Arthritis Of The Neck
As we grow older, many changes happen to our bodies. Like the rest of the body, bones of the neck change. You may be thinking that arthritis only affects the knee joint, ankles, or your back. Unfortunately, arthritis can affect any joints and bones in your body, including those of the neck.
In this article, we’re talking about the arthritis of the neck. If you are complaining of neck pain or stiffness, arthritis may be the problem. Keep reading to know!
- How does arthritis happen in the neck?
As we age, the bones of the neck start to degenerate. Your neck bones are part of the spinal vertebrae. Getting older, degenerative changes happen to them, and the disks between the vertebrae dry out and lose their watery content. By the time, the movement and pressure applied on the neck joints develop arthritis.
As the cartilaginous layer between the vertebrae wears out, the spines of the bones start to bulge, and the body responds by forming new bones. This leads to the deformity of the neck bones.
This process is called osteoarthritis of the neck or cervical spondylosis.
- Forms of arthritis:
Neck arthritis can happen in multiple forms, we are going to mention the most known types of arthritis:
- Osteoarthritis of the neck (spinal spondylosis).
- Rheumatoid arthritis: it’s a type of inflammatory arthritis that can affect any joint in the body. In this type, the immune system turns on itself, so it’s considered an autoimmune disorder.
- 3.Spondyloarthritis: it’s also a type of inflammatory arthritis that can affect the joints and the ligaments attached to the bones. This type alone has different clinical presentations such as psoriatic arthritis, ankylosing spondylitis, and reactive arthritis.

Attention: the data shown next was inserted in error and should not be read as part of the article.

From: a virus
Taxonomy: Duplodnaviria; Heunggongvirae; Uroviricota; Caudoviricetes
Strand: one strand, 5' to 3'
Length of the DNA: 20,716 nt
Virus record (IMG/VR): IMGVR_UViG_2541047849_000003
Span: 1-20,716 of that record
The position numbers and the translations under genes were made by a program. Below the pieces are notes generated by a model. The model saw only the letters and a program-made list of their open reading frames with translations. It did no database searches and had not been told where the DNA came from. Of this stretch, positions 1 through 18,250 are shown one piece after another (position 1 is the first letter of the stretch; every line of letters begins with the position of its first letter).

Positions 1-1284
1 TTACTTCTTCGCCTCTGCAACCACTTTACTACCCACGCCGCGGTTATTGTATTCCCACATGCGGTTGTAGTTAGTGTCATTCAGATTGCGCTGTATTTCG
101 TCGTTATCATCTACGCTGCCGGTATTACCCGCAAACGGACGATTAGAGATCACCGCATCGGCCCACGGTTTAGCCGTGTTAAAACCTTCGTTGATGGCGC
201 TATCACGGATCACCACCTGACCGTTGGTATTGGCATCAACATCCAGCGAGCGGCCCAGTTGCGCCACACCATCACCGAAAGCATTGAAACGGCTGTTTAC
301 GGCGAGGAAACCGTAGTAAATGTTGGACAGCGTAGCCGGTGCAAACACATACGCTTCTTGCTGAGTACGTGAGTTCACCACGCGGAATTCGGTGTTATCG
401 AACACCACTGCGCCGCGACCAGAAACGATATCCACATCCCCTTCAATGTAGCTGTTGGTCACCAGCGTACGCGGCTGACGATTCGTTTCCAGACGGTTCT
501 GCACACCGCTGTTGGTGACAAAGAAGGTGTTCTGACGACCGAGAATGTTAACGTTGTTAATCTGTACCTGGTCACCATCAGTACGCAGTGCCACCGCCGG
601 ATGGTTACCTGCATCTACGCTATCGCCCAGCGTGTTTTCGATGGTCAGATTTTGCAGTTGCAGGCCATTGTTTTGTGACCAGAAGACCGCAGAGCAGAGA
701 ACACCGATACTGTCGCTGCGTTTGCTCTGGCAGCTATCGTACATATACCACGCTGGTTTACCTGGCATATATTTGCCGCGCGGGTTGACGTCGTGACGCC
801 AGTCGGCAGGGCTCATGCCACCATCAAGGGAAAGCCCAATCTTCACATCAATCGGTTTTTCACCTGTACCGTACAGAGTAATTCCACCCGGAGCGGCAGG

- Risk factors:
Generally, the main cause of arthritis is unknown. Arthritis of the neck usually happens as a result of the aging process. Genetic factors and autoimmune triggers may play a role.
The following risk factors can also cause arthritis:
- Old age.
- Previous injury or trauma.
- Some medical conditions: diabetes, gout, psoriasis, and tuberculosis.
Most of the cases with neck arthritis are asymptomatic. However, the main symptoms are neck pain and stiffness, which vary in severity from one patient to another.
Other symptoms may include:
- Spasms in the muscles of the neck and the shoulders.
- Trouble walking, fatigue, and loss of balance.
- Arthritis may lead to spinal cord compression which results in weakness and numbness.
- How is cervical arthritis diagnosed?
Usually, the diagnosis depends on your medical history and physical examination.
Your doctor may ask for some medical investigations such as:
- X-ray: to detect the degenerative changes, deformity, or presence of fractures.
- CT scan & MRI: to have a better image for the spinal cord, spinal canal, muscles, cartilages, and nerves.
- blood tests to search for rheumatoid factors.
- Joint aspiration.
- What is the treatment of neck arthritis?
- Non-surgical treatment:
Most of the cases don’t need surgical treatment. This type of treatment includes:
Physiotherapy is the main-line treatment of neck arthritis. A few simple exercises can relieve your neck pain and stiffness.
- Non-Steroidal Anti-Inflammatory Drugs (NSAIDs):
They are the first-line medications for treating neck pain.
- Cold and hot fomentations.
- Muscle relaxants.
- Soft cervical collars: for limitation of your neck motion.
- Surgical treatment:
It isn’t recommended for treating neck arthritis. However, you may need surgical intervention in case of resistant severe symptoms and arthritis progression.